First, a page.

Piper Fellow Recipients 2001
“When I look at the four other recipients–all from well established organizations–and then I look at my small organization, I am humbled and honored to be a Piper Fellow.”
– Santino Bernasconi, Centro de Amistad, Inc.
When Santino Bernasconi received his fellowship, he served as president and CEO of Centro de Amistad, Inc., a community-based behavioral health agency involving Indo-Latino communities in empowering themselves to be healthy communities–physically, mentally, and spiritually. Mr. Bernasconi began working as an ordained deacon in Guadalupe in 1968 by assisting the Guadalupe Organization, Inc., to improve education for the Indo-Latino youth of Guadalupe. He also motivated community residents to vote to incorporate the Town of Guadalupe on February 4, 1975.
Mr. Bernasconi chose three areas of focus for his fellowship: community leadership development, cultural competency, and program and economic development. He attended three conferences including the Industrial Area Foundation’s National Training, a ten day program in Baltimore; a three-week program at the Mexican American Cultural Center, where sessions focused on development of Latino leadership within Catholic parishes; and the national Nonprofit Alliance conference. He also visited a model program in Portland that provides a family approach to prevention and to children’s treatment.
“The purpose [of the Industrial Area Foundation’s National Training] was not so much to give techniques (although this was part of it), but to give a strong philosophical basis for creating change through analysis, evaluation and a strong adherence to the philosophical basis of the IAF.” “We believe that the social unit called the family needs to be addressed when providing services to children, and they [the program in Portland] believe strongly in culturally competent, linguistically appropriate services. One lengthy topic at the Mexican American Cultural Center program focused on the development of leadership within the farm worker populations. While knowledge of the Spanish language is essential, just being able to speak Spanish does not guarantee a culturally competent approach to working with Indo-Latinos.”
“The Fellowship provided me with personal and professional growth unlike I had ever experienced in my 15-year career. I reflected on past experiences and reaffirmed my vision and goals for the future. Witnessing the renewal of the 30-year-old San Francisco Exploratorium was inspiring. After learning about pitfalls and successes, I look forward to applying this knowledge to the strategic planning at the Arizona Science Center.”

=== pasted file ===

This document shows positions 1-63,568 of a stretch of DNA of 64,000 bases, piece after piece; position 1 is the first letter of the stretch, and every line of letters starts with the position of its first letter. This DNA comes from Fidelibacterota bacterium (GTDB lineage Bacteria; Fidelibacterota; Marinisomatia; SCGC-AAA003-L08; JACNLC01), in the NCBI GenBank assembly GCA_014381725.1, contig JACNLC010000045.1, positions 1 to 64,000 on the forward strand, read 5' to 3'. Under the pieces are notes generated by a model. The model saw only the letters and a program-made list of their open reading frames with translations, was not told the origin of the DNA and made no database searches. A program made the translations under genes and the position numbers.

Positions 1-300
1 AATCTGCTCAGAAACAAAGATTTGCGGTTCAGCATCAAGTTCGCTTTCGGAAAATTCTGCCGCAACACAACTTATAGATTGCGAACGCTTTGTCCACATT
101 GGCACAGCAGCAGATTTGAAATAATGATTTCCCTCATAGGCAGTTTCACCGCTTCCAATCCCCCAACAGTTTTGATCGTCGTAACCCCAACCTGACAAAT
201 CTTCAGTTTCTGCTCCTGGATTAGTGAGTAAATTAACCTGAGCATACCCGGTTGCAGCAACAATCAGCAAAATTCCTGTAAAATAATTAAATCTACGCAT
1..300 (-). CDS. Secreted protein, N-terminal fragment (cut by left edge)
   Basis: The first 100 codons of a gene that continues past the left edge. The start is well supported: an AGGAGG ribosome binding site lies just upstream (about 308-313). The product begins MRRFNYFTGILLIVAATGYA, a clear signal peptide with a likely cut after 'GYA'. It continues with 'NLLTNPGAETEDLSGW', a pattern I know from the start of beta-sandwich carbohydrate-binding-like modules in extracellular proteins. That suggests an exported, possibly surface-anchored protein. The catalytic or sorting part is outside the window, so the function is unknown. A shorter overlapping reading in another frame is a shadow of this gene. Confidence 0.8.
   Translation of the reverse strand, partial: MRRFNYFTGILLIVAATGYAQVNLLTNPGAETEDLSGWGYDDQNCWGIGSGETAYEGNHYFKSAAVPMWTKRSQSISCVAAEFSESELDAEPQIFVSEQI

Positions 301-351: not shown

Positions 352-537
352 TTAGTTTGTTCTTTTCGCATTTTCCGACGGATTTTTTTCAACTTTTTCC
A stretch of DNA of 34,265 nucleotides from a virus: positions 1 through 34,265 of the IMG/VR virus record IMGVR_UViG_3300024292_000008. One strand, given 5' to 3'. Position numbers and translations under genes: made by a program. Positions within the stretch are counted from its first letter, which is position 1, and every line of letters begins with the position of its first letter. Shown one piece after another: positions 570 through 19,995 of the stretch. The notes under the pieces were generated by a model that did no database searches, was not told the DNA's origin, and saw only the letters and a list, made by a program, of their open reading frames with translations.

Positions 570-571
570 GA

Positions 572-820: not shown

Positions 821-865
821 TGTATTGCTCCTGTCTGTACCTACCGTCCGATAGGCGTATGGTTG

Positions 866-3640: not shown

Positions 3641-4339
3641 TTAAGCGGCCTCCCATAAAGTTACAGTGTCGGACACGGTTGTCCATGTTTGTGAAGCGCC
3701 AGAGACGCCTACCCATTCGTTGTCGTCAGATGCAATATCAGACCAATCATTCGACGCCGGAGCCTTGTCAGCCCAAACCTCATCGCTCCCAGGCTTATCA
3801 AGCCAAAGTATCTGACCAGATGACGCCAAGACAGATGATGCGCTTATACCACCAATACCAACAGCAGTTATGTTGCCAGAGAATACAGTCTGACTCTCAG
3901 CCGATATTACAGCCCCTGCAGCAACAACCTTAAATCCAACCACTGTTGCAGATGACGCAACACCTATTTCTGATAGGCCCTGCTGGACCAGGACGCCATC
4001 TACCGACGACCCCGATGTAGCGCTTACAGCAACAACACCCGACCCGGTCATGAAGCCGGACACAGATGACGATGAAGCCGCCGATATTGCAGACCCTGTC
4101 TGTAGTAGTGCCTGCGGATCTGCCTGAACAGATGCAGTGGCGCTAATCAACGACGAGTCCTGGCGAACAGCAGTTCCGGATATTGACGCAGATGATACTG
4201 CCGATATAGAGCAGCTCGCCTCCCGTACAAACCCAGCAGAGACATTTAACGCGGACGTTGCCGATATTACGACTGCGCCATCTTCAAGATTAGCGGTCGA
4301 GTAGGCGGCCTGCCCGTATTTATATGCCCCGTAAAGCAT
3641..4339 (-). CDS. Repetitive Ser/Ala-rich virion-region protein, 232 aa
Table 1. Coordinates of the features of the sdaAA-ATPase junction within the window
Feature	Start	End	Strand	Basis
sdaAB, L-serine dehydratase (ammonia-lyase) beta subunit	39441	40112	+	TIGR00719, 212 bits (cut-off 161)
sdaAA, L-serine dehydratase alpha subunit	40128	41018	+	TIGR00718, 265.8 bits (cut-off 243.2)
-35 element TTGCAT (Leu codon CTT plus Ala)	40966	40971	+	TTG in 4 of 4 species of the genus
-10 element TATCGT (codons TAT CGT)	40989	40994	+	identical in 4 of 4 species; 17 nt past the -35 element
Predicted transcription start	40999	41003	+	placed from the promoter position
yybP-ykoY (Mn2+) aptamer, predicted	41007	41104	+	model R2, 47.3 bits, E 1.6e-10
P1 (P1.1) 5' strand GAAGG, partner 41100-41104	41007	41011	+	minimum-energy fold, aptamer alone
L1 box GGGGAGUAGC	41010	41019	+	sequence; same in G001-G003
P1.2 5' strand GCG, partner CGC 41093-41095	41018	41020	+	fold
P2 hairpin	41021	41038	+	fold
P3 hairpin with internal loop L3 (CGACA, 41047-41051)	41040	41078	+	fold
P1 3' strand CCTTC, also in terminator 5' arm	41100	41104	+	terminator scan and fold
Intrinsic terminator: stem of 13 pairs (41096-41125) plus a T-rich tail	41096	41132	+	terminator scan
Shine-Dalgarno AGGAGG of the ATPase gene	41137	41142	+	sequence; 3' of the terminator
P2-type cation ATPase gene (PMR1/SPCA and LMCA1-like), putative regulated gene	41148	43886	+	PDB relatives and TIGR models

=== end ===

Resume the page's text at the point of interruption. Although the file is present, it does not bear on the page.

– Arnita “Chevy” Humphrey, Arizona Science Center
Chevy Humphrey began working at Arizona Science Center in 1998 as the vice president of marketing and development. At the time of her fellowship the Center featured more than 300 hands-on exhibits, a state-of-the-art planetarium, a five-story giant-screen theater, live demonstrations, traveling exhibitions, and science programs for people of all ages. She was named executive director and CEO in 2006. Before joining the Science Center, Ms. Humphrey served as the director of development for The Phoenix Symphony and held similar positions at the University of Houston, the University of Texas at Austin Performing Arts Center and The Houston Symphony.
“My Piper Fellowship’s purpose was twofold. First, it was designed to enhance my executive leadership skills as well as increase my knowledge of exhibition conceptualization and development. Secondly, it was to prepare me to complete the final phase of my professional goal of becoming a CEO in the science center industry.
“I attended an executive leadership-training course at Yale University’s School of Management, visited and studied at numerous science centers from across the country, and finished a two-week observation and internship at the Exploratorium. I returned to the Exploratorium for an additional two weeks to evaluate success of the project on which I worked.
“Thanks to the intense time spent at the Exploratorium, I gained a better grasp of certain technical aspects of managing a center’s operations relating to exhibits. The science center visits gave me a perspective of how a wide range of institutions operate. Being able to visit such a variety of institutions improved my baseline knowledge of the parameters of the field. I was able to discuss trends in the field with many senior executives and to sharpen my own sense of the purpose and possibilities for science centers.”
“My fellowship was only the beginning of what I envision as a long process for transforming myself, my agency, and my community to be more responsive to the changing needs of older adults in Maricopa County.”
– Mary Lynn Kasunic, Area Agency on Aging, Region One
At the time of her fellowship, Mary Lynn Kasunic had been with the Area Agency on Aging, Region One for over 20 years and had served as its president and CEO for over ten years. She was instrumental in the development of many innovative and client-responsive programs to address the needs of the agency’s four major client populations: the elderly, caregivers of the elderly, adults 18 to 59 with disabilities and long-term care needs for people of all ages living with HIV/AIDS. Ms. Kasunic is the co-founder of the Maricopa Elder Abuse Prevention Alliance (MEAPA) and is dedicated to the prevention of elder abuse and domestic violence. She is especially dedicated to the continuing education of aging services professionals and the pursuit of excellence.